The danger lies in 11 USC Sect. 1235(a). This provision lists a number of things that must be true about a Chapter 13 plan for it to be confirmed. Conversely, if all the requirements of 1325 are met, the court must confirm the plan. Shaw v. Aurgroup Financial Credit Union, 552 F.3d 447 (6th Cir., 2009). The Sixth Circuit Court of Appeals has issued case law based on this code provision that severely restricts the flexibility of a Chapter 13 bankruptcy in this one area of car loans. Those decisions are In re Adkins, 425 F.3d 296, 300 (6th Cir.2005) and In re Nolan, 232 F.3d 528 (6th Cir.2000).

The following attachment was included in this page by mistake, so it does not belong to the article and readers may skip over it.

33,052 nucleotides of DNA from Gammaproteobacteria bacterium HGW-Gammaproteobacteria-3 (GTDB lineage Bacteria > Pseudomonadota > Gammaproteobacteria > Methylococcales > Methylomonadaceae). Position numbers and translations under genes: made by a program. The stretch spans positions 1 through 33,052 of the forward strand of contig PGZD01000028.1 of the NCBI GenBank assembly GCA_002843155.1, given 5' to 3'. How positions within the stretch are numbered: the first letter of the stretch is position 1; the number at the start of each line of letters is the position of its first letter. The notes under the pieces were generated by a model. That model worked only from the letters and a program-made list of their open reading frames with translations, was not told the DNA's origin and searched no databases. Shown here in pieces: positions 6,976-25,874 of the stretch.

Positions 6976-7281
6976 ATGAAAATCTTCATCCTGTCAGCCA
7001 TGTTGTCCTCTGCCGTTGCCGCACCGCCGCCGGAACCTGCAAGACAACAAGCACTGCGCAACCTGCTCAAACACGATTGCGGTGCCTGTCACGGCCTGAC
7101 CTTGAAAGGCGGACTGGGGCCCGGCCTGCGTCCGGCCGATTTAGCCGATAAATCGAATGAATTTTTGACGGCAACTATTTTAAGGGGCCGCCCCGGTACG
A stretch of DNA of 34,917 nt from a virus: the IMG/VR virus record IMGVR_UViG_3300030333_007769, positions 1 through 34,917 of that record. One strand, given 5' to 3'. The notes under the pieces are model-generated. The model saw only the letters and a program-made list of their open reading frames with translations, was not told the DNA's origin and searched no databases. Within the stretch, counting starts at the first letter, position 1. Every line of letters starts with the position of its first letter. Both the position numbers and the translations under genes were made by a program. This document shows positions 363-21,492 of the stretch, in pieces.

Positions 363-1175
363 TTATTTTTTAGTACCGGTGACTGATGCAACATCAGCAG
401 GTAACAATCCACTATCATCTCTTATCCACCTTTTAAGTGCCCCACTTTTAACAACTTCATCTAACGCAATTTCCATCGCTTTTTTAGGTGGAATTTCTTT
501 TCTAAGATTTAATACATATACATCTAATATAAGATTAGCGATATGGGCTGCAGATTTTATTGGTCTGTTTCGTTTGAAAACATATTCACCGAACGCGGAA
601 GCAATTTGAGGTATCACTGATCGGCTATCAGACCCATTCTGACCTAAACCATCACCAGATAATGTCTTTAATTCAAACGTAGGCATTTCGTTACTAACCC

Essentially, these two court opinions determine that once a plan is confirmed and the car lender’s claim is allowed, then it shall always be a secured claim. This may not sound formidable, but here is how the scenario plays out: Debtor has a car worth $7,000.00 which is working okay at the start of the plan. The plan gets approved and the secured claim is filed by the lender for $7,000.00. Perhaps there is another claim for excess debt on the car that is treated unsecured, but that does not matter in this situation. A couple of years into the plan, the car starts messing up and it becomes more costly to fix than the car is now worth. The Debtor, who is paying all their disposable income into their Chapter 13 cannot get the car fixed. So, they seek to modify the plan, surrender the car, and purchase a more roadworthy vehicle. They can only manage this if they can reduce their plan payment. They can only reduce their plan payment if the deficiency of the car loan, what’s left after the car is surrendered and auctioned, is unsecured debt. However, In re Adkins and In re Nolan preclude this.